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Curr Opin Immunol. 2003 Dec;15(6):690-6.

Control of immune homeostasis by naturally arising regulatory CD4+ T cells.

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Department of Immunology, Howard Hughes Medical Institute, University of Washington School of Medicine, Seattle, WA 98195, USA.


CD4(+)CD25(+) regulatory T (T(R)) cells are essential negative regulators of multiple immune functions. Their development and function are critically dependent on the forkhead transcription factor Foxp3. IL-2R-derived signals are also required for their maturation and/or proliferation. Expression of the TNF receptor family member GITR appears to define this naturally arising, thymically derived lineage more accurately than CD25. T(R) cells suppress virtually all forms of immune responsiveness investigated to date, including both adaptive and innate immunity. T(R) cells are capable of robust antigen-driven proliferation in vivo, and may participate in clonal expansion in response to infection, similar to all other adaptive immune lineages.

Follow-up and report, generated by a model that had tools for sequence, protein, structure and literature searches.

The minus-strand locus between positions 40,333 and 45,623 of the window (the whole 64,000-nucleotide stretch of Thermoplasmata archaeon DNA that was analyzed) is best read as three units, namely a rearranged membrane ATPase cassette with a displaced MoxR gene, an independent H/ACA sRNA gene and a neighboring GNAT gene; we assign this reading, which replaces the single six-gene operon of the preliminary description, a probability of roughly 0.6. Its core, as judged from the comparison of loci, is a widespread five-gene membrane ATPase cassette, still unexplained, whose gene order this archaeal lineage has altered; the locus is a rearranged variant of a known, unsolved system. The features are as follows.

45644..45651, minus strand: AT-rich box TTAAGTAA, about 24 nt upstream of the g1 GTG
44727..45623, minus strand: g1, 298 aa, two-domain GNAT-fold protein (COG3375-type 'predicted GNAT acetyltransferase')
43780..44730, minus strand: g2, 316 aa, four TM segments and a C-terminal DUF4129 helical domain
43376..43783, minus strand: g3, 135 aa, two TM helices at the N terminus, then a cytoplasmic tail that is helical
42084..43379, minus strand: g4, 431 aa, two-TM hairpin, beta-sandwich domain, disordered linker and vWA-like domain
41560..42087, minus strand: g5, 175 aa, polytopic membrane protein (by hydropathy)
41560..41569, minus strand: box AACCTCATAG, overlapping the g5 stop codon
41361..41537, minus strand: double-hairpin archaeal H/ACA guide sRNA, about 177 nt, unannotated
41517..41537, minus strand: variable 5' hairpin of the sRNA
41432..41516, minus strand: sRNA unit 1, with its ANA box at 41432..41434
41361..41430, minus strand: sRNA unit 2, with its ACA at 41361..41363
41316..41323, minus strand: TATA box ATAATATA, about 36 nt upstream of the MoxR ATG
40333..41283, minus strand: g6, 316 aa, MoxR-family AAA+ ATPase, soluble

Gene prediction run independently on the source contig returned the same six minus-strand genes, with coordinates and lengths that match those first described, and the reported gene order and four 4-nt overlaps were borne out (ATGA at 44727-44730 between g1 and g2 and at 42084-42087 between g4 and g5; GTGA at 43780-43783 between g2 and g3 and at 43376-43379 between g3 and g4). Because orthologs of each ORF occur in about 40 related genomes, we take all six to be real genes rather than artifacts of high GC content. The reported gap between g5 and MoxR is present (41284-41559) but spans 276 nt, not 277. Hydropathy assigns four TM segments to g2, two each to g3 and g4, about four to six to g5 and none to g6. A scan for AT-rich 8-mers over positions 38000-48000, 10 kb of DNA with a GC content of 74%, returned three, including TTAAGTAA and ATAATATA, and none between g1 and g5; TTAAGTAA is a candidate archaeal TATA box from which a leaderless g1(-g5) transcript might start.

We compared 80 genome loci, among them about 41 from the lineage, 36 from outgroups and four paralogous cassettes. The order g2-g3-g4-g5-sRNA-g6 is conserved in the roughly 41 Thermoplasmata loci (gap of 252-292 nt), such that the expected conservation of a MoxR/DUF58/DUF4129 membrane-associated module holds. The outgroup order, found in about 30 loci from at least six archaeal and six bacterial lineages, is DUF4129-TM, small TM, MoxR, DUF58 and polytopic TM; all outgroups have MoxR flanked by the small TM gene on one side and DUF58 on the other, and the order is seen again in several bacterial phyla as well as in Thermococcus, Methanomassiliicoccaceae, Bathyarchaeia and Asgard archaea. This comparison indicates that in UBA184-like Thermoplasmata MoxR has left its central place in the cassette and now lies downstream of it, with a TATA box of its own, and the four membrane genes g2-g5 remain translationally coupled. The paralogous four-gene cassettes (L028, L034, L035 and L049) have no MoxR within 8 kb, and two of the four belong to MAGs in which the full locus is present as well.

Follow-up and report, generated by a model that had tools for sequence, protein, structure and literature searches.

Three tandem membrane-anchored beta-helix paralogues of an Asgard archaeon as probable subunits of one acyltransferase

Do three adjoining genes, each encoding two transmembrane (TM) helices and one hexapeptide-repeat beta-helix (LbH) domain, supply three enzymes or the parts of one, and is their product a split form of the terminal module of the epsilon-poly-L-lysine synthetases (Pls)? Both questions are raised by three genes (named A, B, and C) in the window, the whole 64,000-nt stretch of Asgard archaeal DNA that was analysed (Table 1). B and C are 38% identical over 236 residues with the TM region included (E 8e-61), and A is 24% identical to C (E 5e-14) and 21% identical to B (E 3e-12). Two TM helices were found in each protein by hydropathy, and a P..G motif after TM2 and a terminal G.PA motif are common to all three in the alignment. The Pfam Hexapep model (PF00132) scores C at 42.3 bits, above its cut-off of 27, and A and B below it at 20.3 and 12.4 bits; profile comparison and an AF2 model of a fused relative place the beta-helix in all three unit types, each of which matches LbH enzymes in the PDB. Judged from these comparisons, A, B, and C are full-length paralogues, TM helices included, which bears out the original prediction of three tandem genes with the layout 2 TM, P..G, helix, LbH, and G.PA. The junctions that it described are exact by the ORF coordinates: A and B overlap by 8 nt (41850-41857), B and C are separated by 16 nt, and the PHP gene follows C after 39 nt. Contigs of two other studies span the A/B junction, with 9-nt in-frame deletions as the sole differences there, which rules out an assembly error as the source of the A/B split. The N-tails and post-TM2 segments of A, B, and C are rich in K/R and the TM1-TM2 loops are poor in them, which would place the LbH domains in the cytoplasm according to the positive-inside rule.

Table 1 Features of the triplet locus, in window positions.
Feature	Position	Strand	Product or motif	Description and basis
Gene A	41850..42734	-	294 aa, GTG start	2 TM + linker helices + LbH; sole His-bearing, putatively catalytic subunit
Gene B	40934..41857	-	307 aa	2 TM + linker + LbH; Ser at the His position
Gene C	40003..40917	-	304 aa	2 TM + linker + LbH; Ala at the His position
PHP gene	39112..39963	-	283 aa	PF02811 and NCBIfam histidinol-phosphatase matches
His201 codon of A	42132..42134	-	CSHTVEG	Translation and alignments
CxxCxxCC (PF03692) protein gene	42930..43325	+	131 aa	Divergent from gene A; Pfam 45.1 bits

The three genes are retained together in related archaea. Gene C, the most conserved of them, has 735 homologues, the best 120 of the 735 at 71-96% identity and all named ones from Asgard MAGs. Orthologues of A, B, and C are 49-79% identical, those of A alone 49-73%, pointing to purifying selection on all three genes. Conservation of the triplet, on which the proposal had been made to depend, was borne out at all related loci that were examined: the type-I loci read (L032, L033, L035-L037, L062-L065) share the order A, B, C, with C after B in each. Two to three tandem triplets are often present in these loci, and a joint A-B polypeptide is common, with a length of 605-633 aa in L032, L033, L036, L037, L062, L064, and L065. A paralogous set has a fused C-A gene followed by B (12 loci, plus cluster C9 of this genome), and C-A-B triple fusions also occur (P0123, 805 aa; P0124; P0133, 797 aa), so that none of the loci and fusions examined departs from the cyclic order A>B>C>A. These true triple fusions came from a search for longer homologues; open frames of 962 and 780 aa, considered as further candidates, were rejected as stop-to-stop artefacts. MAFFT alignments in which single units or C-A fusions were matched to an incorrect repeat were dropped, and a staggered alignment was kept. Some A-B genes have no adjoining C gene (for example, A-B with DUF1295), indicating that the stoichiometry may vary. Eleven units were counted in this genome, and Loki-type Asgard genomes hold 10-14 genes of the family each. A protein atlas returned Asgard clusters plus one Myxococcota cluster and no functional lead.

[Indexed for MEDLINE]

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